The Oregon Department of State Lands (DSL), United States (U.S.) Army Corps of Engineers, Portland District (Corps), and U.S. Environmental Protection Agency (EPA) jointly announce changes to mitigation that may be required as part of the state and federal permit programs. The Corps requires an applicant to obtain a permit for the placement of dredge or fill materials into waters of the U.S. under Section 404 of the Clean Water Act and co-administers Section 404 with the EPA. Under the Oregon Removal-Fill Law, DSL requires an applicant to obtain a permit for most projects that either place fill materials into or remove fill from waters of the state. Both the federal and state programs may require mitigation as part of an approved permit.

Oregon Department of State Lands
Beginning April 1, 2019, DSL will implement a rule affecting how mitigation will be determined under the Oregon Removal-Fill Law. DSL’s new rules will bring Oregon’s mitigation program into alignment with the 2008 Federal Compensatory Mitigation Final Rule. The DSL rule will provide more consistent, successful, and sustainable benefits for all aquatic resources across the state. Existing exemptions are not affected. The rule will require that proposed project impacts to wetlands and streams use appropriate assessment tools to ensure proper replacement of functions and values. For wetlands, DSL will require applicants to use the Oregon Rapid Wetland Assessment Protocol (ORWAP 3.1) for impacts to tidal waters, wetland types that are aquatic resources of special concern, and wetland impacts greater than 0.20 acres. For streams DSL will require applicants to use the Stream Function Assessment Method (SFAM) beginning July 1, 2019, for impacts to non-tidally influenced wadeable, intermittent or perennial streams, and aquatic resources of special concern that are associated with these intermittent or perennial streams. As with current DSL rules, under the new rule function and value assessment requirements may be waived for voluntary wetland and stream restoration projects on a case-by-case basis at DSL’s discretion. Assessments are not required for General Authorizations.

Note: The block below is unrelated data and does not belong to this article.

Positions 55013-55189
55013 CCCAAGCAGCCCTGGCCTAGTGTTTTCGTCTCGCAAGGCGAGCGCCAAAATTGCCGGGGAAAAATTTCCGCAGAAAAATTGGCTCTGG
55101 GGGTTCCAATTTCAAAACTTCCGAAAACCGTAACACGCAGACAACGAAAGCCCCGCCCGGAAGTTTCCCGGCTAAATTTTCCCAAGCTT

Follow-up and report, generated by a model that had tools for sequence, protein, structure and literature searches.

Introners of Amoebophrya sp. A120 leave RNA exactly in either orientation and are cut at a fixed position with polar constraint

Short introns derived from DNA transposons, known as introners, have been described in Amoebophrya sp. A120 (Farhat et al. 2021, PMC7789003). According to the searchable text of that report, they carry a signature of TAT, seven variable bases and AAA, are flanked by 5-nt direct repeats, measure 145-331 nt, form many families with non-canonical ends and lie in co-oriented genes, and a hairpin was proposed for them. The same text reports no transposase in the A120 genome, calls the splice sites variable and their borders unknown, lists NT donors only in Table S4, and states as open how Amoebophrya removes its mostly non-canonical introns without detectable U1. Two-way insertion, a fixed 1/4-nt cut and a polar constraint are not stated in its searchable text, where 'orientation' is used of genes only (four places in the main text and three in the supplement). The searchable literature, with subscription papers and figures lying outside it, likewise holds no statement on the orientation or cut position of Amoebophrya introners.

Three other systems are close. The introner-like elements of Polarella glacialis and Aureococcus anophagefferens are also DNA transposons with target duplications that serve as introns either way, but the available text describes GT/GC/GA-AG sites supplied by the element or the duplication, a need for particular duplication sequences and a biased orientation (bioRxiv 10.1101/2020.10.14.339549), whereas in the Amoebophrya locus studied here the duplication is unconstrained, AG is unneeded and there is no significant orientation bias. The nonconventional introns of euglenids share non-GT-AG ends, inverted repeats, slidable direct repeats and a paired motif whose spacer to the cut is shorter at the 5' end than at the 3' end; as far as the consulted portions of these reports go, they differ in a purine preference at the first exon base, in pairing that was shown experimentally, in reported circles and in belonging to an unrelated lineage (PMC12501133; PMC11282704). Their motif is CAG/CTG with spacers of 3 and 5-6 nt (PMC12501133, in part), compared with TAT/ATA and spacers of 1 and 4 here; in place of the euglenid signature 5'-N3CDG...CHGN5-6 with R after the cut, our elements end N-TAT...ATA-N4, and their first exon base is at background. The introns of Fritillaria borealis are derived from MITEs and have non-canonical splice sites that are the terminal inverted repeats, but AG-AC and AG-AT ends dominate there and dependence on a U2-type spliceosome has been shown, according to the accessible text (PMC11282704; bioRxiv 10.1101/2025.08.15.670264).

DSL will require that best professional judgment be used if ORWAP or SFAM do not apply, and best professional judgment may be used when wetland impacts are less than or equal to 0.2 acres. DSL continues to require that the Vernal Pool Function Assessment Method be used to assess the functions and values of vernal pools in the Agate Desert in Jackson County.

Applicants can use information from the assessments to demonstrate that impacts are being mitigated through avoidance, minimization, and compensatory mitigation. If compensatory mitigation is required for unavoidable impacts, applicants can demonstrate that the proposed mitigation site is eligible to replace the primary functions and values provided at the impact site and will provide a sufficient amount of mitigation to compensate for the impacts. To assist in this demonstration, beginning April 1, 2019, a new protocol for determining wetland and stream mitigation eligibility in Oregon will be available. Applicants will use the protocol for calculating their required amount of mitigation.